To cheat death – and therefore cheat the insanely evil god waiting patiently to crunchy-munch on their souls – the Dark Eldar do some pretty terrible things. They’re big on raiding for slaves, they’re absolutely huge on torture, and they think siphoning the souls of their captives is a really cool way to pass the time.
Ultimately, they’re only adding to the foul emotions that bleed across the warp, making Slaanesh and the other Ruinous Powers that much stronger, but that’s not really something they’re concerned about. They’re far more focused on drinking souls through weird, scary alien rituals, which effective regenerates them and keeps them tick-tocking on their way to murderous immortality.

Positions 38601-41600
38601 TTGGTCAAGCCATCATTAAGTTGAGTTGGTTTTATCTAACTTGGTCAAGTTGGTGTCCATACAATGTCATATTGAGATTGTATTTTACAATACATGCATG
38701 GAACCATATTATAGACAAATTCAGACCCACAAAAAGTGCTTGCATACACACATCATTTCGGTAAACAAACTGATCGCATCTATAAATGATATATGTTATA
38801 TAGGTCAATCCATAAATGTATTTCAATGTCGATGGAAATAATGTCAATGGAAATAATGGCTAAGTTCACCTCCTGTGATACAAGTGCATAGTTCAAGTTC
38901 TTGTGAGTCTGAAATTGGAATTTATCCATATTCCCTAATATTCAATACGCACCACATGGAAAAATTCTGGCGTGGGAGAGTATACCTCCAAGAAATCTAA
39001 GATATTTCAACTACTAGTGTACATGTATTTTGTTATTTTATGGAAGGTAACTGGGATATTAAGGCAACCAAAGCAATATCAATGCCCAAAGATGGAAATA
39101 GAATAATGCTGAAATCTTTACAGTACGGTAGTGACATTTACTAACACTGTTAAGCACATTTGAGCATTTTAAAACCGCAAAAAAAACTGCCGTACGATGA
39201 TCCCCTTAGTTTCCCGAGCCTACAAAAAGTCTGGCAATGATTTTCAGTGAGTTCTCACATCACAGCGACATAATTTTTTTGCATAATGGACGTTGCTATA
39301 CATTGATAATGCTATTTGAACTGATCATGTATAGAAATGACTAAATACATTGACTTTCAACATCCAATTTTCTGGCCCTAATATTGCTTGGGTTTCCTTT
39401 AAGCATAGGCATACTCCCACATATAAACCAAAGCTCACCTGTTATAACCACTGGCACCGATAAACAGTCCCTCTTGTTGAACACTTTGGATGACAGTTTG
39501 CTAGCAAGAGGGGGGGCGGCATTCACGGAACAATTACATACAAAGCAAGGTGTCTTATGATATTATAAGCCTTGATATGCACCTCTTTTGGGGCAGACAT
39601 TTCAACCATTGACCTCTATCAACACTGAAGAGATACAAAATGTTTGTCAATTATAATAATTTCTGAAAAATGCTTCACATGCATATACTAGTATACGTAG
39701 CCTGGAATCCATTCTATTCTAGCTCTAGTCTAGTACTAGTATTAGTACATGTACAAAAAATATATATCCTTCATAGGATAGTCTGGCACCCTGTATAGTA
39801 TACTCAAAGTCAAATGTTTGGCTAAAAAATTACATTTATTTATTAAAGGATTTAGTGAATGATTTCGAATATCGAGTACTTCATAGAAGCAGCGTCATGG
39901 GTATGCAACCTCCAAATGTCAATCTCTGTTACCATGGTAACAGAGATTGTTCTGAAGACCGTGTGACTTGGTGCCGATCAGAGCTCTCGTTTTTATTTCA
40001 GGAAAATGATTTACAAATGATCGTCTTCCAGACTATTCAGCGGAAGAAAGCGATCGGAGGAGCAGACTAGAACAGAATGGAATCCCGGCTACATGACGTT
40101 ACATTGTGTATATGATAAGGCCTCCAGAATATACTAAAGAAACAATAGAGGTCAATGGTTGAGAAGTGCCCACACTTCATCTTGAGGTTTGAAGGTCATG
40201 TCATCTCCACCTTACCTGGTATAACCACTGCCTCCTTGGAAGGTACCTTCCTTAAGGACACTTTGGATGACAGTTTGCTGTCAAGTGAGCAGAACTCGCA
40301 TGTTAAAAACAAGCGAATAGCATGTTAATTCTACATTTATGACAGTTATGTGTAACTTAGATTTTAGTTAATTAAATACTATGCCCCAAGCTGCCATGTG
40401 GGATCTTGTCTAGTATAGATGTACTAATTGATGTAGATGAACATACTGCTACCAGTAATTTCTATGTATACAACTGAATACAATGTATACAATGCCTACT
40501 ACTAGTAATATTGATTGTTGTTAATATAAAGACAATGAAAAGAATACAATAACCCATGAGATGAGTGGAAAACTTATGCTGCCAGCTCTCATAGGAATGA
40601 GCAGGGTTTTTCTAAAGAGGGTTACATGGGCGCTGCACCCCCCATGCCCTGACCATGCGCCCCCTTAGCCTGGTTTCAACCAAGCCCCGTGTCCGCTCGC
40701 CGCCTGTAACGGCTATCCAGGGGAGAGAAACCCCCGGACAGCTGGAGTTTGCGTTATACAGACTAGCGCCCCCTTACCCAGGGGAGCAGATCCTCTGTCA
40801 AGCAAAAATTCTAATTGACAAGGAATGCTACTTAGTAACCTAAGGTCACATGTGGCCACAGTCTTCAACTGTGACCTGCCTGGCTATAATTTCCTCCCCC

“So, that’s the Space Elves. Please tell me there aren’t any Space Dwarves.”
…uh, actually, they really were a thing for a while.
But they’re not anymore. They were basically retconned out existence, by virtue of being considered really, really, really, really lame by the top brass. I mean, even their name was whacky. They were called Squats.
The official explanation is that all their worlds were overrun and devoured by an alien race called the Tyranids.
I like that. I dig how in a setting where giant, muscled fungus men ride Mad Max cars and use their own teeth as currency, the concept of little engineering dudes with beards was considered a step too far down the aisle of silliness.
But more on that next time.